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About The Production
For twenty-odd years now, I have written the notes on the making of my films. Originally, it was a knee-jerk reaction to the practice of distributors handing out unhelpful hyperbole -hastily assembled info often written by someone who wasn't even around when we made the movie - usually dished up on a few sheets of stapled-together paper. Equally, as has often been pointed out to me by my journalist friends, perhaps a few sheets of superficial information are exactly what journalists and film writers require especially if they don't like the movie! (They sarcastically tease me that whets it comes to me spouting on about my film, they find that a list of cast and crew credits, preferably spelled correctly - plus a tote bag full of CDs, T-shirts, baseball caps and passes for the Universal Studios tout to be imminently more preferable. After all, shouldn't watching the actual movie for two hours be enough?) Boy, do I agree.

But anyway, I persevere. Not least of all, because something of what I've scribbled down here, as honestly written as it can be, might be of help to anyone interested in how we made the film and, more importantly perhaps - considering the subject matter — why we made it.

This film began with a strike - well, at least the threat of one. There I was in September of 2000 tapping away at my keyboard working on a novel when my co-producer (and wife), Lisa Moran, gently pointed out that the threatened strikes by SAG and the Writers Guild could mean that I might not be making a film for a whole year. Maybe longer, as the strike, set for June 2001, was nine months away, and who knew how long it would last? In fact, as a member of the Writers Guild, I might not even be allowed to write either. Consequently I joined the frantic scramble, along with many of my fellow filmmakers, to seek out (always difficult) and get financed (always impossible) what became known as a "pre-strike" movie. In short: get your movie made before the sword of Damocles falls and the factory gates slam shut for who knows how long.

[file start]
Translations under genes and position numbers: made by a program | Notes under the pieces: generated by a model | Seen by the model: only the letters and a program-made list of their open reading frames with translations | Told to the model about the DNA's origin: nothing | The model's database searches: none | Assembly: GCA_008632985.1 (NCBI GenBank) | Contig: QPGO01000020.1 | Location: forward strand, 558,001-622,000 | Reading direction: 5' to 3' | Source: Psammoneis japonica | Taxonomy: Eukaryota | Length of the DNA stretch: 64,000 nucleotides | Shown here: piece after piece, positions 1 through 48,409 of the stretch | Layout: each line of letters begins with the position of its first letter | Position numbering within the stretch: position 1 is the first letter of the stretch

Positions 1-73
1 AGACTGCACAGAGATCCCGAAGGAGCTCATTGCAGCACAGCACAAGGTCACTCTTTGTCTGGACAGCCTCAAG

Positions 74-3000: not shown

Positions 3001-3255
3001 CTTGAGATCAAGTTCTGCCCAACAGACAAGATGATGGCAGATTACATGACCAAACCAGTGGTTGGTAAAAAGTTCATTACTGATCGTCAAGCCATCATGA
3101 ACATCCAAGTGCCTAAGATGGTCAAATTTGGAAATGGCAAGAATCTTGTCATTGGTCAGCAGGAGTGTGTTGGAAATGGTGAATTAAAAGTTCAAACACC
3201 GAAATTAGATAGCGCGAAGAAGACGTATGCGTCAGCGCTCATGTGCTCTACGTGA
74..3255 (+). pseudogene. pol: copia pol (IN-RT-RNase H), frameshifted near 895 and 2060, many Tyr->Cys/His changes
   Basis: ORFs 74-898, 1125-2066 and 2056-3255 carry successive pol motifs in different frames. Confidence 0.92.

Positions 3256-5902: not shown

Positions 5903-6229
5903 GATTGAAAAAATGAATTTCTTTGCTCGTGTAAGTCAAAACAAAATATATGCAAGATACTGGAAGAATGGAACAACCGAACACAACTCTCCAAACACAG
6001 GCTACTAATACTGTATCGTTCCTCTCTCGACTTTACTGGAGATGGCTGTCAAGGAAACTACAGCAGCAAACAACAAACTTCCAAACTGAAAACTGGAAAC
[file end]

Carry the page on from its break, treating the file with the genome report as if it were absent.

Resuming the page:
I quickly read eighteen supposedly "hot" scripts, and disliked them all. It's always agony for me to decide what to do next in normal circumstances, having been sent over two hundred scripts in the previous year - films take two years of your life to make, after all, so it's not a good idea to be hasty (I have made fourteen films in twenty-eight years) and the clock-ticking exercise didn't seem to improve my ability to decide what to do. I asked my agents in Los Angeles to send me anything that they had, even if it didn't quite fit into what the studios were snapping up in those days of frenzy or, more importantly, into the ever more debilitating exigencies for commercial success. Lisa was the first to read Charles Randolph's script, The Life of David Gale. And, like her, I then read it in one sitting, astonished that such a well-written, page-tuner of a script hadn't already been made. Although the script - an original story, a fiction - most certainly had an important political issue at its core that I strongly responded to, it was also a terrific thriller. It had been gathering dust on a Warner Bros. shelf since it was written in 1998 when Nicholas Cage's production company commissioned it and the script was now in "turn-around" from Warners. Charles Randolph, originally from Texas, had written it while still performing his day job as a professor of philosophy at a Vienna university.

I flew to Los Angeles and had lunch with Nicolas Cage, who I knew, having directed him as a very young man in Birdy (1984). He had two pre-strike films lined up as an<


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